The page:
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8 People Who Can Access Your Credit Report

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Credit fileSomewhere, in the vast reaches of the digital world, your credit report sits. Your credit file includes information about your address (and previous addresses), as well as a list of all your credit accounts and your payment histories with those accounts. Actual amounts of debt you have may be revealed. In some cases, employer information is included, although employment dates and salaries may not appear.

Not all of the information contained in your credit report is used to calculate your credit score, but the information in your credit report can still be of use to the people who are looking into your history. So, who can access your credit report, and why? You might be surprised at how many people are allowed to look at your credit file.

Here are 8 of those people who are allowed to take a peek at your credit history:

  1. YOU: First of all, it’s vital that you understand that you are entitled to look at your credit report whenever you want — and it has to be reasonably priced (whatever that means). You are entitled to a free report from each of the bureaus every year, and the rest of the time, you can check it — without penalty — as often as you are willing to pay for it.
  2. Potential Creditors: This isn’t a surprise to most people. When you apply for credit, potential lenders want to see your credit history. And, if you are applying for a loan, they don’t even need to get your signature. If you are borrowing, the potential lender can pull your credit.
  3. Debt Collectors: It would be nice if debt collectors couldn’t pull your credit file to find information about you. However, while you might be able to fight debt collectors in some areas, and while you have rights, don’t assume that debt collectors can’t use your credit report against you. Debt collection agencies can use the information in your credit file, such as your current address, to more effectively collect. They can also use the information to infer how much you can afford to pay.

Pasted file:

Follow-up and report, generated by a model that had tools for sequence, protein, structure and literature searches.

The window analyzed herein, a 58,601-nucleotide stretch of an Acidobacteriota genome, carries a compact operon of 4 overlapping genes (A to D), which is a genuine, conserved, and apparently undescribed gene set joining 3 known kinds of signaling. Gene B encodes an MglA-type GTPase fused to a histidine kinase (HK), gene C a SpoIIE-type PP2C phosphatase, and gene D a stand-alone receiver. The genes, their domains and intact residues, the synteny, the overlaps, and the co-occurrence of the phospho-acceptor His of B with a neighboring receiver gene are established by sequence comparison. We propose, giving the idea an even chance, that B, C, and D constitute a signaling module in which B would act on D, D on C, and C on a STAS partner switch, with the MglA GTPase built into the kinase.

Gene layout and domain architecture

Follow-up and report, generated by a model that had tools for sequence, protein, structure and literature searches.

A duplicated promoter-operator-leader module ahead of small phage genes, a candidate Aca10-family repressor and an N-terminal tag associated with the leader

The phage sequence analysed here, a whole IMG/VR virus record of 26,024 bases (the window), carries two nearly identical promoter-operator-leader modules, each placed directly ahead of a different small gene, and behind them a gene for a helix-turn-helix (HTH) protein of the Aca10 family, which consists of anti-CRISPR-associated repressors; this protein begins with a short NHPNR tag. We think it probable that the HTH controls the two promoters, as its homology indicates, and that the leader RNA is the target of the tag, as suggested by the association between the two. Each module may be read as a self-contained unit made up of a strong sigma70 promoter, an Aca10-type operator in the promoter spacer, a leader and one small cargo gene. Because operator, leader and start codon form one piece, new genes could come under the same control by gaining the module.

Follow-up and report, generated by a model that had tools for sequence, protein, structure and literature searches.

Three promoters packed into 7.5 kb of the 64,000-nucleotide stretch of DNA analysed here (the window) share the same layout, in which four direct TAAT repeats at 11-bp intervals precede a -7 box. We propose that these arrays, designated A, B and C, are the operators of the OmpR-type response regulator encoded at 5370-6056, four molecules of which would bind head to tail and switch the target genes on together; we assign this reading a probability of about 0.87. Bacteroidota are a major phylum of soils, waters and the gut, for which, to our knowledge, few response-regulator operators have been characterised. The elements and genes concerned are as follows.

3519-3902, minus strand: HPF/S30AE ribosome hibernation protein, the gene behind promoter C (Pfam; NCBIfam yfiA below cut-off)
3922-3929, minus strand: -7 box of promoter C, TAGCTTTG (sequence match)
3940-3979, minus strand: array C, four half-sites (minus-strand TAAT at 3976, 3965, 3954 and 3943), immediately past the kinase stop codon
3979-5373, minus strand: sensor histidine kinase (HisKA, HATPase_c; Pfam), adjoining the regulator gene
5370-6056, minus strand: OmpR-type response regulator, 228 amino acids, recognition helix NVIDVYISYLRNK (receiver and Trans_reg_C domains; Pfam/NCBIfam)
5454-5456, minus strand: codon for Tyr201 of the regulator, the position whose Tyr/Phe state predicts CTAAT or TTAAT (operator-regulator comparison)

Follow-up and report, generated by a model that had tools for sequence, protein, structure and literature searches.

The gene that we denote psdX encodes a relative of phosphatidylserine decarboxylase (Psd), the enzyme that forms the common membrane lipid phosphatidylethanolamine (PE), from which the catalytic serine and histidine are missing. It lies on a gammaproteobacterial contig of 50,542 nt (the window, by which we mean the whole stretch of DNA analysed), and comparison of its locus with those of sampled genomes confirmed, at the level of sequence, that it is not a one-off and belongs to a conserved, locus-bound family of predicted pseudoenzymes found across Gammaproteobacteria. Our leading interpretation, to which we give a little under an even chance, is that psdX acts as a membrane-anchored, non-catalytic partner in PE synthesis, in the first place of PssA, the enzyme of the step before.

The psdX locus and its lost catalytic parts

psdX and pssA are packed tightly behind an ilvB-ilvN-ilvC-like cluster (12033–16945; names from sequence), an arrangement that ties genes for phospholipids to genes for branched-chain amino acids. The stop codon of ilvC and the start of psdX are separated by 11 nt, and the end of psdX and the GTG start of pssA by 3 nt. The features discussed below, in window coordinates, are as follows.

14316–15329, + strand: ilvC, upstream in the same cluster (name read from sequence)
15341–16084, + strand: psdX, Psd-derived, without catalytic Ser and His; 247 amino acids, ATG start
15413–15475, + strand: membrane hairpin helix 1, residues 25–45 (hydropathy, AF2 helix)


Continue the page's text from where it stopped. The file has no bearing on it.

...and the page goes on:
4. Insurance Companies: You may not be applying for credit, but the insurance company can look at your credit report anyway. Increasingly, a credit report is becoming a way for others to judge your level of fiscal responsibility — and even your general responsibility. The information in your credit file can influence whether you are approved for a policy, and what premiums you pay.
  5. Employers: A potential employer might not be able to look at your credit score, but the company can look at your credit report. However, you do have to express your permission with a signature in order for a prospective employer to access your credit report.
  6. Court Officials: If a court needs the information, the court can order it. This means that a court might use your report to figure out how much child support you can afford. Your credit file might also be used as evidence in a criminal or civil trial, if it is considered helpful. An expert witness can even look at your report and speak to what it means.
  7. Telecommunications Companies: I recently bought a new phone and switched cell phone providers. As part of the process, a credit check was run. My Internet and satellite TV providers also checked my credit report. If you give your permission, these companies can look at your report and use the information to decide whether to allow you an account, or whether you need to jump through extra hoops.
  8. Marketers: It’s perfectly ok for marketers dealing with certain “relevant” products and services to look at your credit report information as part of deciding whether or not to send you an offer. The “prescreened” credit card offers you get are often the result of marketers looking at some of the information on your credit profile and deciding that you qualify for an offer.

(Photo: Joe Hall)

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4 Responses to “8 People Who Can Access Your Credit Report”

  1. mona says:

    I froze my credit the first day I could in my state. Can these people still look at my credit report? I know a few years ago I tried to look at my credit report and was told I could not because it was frozen. I believe this now has changed. Since I have no reason to apply for more credit nor do I plan to buy a home etc I plan to keep my credit frozen for many years to come.

    • candy says:

      how does one do that “freeze” i had ID theft and they supposedly where required to get my express permission before they could release my info to anyone, yet I have random people checking my info when trying to sell/offer me things. I want that to stop.

  2. Susan says:

    In applying for a mortgage or a refinance, how much damage to your credit score could there be from several prospective lenders accessing your score(s)?

    • Phil says:

      I am in the process of relocating and have gotten pre-approval for the new home loan. I asked that specific question during the pre-approval process. What they explained to me was that there are actually different kinds of inquiries. I do not remember the specific names. However, those just checking for competitive reasons (IOWs, you are shopping for the lowest refinance rates and the banks do an initial check to give you the potential rate.) will not impact your credit score. The check during the actual refinance process can, depending on how many other formal reviews for change of account type reasons, you have on your history.


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